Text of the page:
Abiodun Oyewole (born Charles Davis, February 1948), is a poet, teacher and member of the African-American music and spoken-word group The Last Poets, which developed into what is considered to be the first hip hop group.[1] Critic Jason Ankeny wrote, "With their politically charged raps, taut rhythms, and dedication to raising African-American consciousness, the Last Poets almost single-handedly laid the groundwork for the emergence of hip-hop."[2]

Abiodun Oyewole in Harlem

Early life edit

Oyewole was born in Cincinnati, Ohio and he moved with his maternal aunt and her new husband at age three to Queens, New York. At the age of 15, he attended a Yoruba Temple in Harlem. It was there that he was given the name by which he is best known.

As a youth, Oyewole was influenced by jazz and gospel music played by his parents and the poems of Langston Hughes.

The Last Poets edit

The group was born on May 19, 1968, Malcolm X's birthday, when Oyewole, David Nelson, and Gylan Kain read poetry in tribute to Malcolm X. The group was based in black nationalism and quickly became known throughout the African-American community. They are generally credited, along with Gil Scott-Heron, as being major influences on the development of hip hop.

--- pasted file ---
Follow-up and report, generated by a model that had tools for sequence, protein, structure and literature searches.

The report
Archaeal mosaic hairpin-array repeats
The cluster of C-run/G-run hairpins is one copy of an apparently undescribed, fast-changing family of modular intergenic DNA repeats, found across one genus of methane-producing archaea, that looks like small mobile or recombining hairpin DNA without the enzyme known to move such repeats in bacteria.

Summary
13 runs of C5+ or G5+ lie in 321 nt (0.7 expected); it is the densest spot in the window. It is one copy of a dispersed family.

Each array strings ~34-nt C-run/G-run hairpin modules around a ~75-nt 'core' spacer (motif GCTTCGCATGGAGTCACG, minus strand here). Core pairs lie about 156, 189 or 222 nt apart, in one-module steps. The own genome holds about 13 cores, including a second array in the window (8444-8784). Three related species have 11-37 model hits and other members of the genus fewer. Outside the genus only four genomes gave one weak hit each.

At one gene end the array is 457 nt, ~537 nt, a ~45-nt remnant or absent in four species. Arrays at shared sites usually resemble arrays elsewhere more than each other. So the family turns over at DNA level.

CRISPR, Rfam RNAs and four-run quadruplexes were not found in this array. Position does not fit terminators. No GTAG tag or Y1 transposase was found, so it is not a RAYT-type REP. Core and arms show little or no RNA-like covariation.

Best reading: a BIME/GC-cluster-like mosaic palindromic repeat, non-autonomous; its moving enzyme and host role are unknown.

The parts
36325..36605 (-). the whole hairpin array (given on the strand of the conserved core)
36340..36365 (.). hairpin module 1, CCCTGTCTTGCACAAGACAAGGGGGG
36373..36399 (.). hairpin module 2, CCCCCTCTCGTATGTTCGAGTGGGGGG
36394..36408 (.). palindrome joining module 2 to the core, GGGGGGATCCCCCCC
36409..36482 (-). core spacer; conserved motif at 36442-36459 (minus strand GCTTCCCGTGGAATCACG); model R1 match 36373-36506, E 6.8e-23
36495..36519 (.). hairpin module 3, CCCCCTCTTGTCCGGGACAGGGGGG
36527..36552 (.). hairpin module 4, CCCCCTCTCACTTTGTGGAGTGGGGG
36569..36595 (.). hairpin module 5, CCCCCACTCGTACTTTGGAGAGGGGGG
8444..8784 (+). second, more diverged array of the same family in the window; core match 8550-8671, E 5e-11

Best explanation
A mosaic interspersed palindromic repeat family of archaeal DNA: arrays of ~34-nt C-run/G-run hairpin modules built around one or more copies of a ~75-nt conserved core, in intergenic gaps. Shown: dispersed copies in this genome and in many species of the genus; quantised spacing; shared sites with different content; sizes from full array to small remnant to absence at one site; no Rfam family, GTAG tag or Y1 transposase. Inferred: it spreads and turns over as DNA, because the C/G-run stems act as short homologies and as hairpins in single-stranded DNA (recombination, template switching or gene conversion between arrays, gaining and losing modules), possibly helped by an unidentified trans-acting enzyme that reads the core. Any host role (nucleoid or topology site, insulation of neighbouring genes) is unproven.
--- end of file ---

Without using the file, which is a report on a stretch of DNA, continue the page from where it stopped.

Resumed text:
At one point, Oyewole was forced to leave the group as he spent four years in a North Carolina prison, convicted of larceny. After serving two and a half years of a three-year sentence, because of good behavior he was eligible for study release during the day. Oyewole continued his education at nearby Shaw University in Raleigh, and earned his undergraduate degree. He subsequently went on to earn a doctorate from Columbia University in New York City, where he once served as a member of the faculty.

Later years edit

In 1994, Oyewole appeared on the Red Hot Organization's compilation CD, Stolen Moments: Red Hot + Cool, appearing on an update of "This is Madness" alongside Omar Ben Hassen and Pharoah Sanders.[3] The album was named "Album of the Year" by Time.

Recently, Oyewole has been touring the world giving lectures on poetry and politics and hosting a weekly Open House for up-and-coming poets. He has also taught at the Schomburg Center for Research in Black Culture in Harlem. In 2022, he released a solo CD entitled "Gratitude".

Quotes edit

  • "(Malcolm X) was our pathway to revolutionary understanding. Malcolm X went through a series of rites of passage - from Malcolm Little to Detroit Red to Satan to Malcolm X to El-Hajj Malik El-Shabazz. All this because the man never stopped trying to develop and recognize the best of himself. He was self-determined. Malcolm was saying we need to be more. And we heard that. And he said it better than anybody ever said it. He made it clear to us. So all we wanted to do, was to be disciples of Malcolm, in a sense, using poetry to illuminate the same values that he planted in our head." On Malcolm X's influence on the Last Poets (2001).

See also edit

References edit

  1. ^ "This Far by Faith . Abiodun Oyewole". PBS. 1968-05-19. Retrieved 2014-07-20.
  2. ^ [1] Ankeny, Jason, Allmusic.com profile of Last Poets; URL accessed February 01, 2007
  3. ^ "Stolen Moments: Red Hot & Cool: Music". Amazon. Retrieved 2014-07-20.

External links edit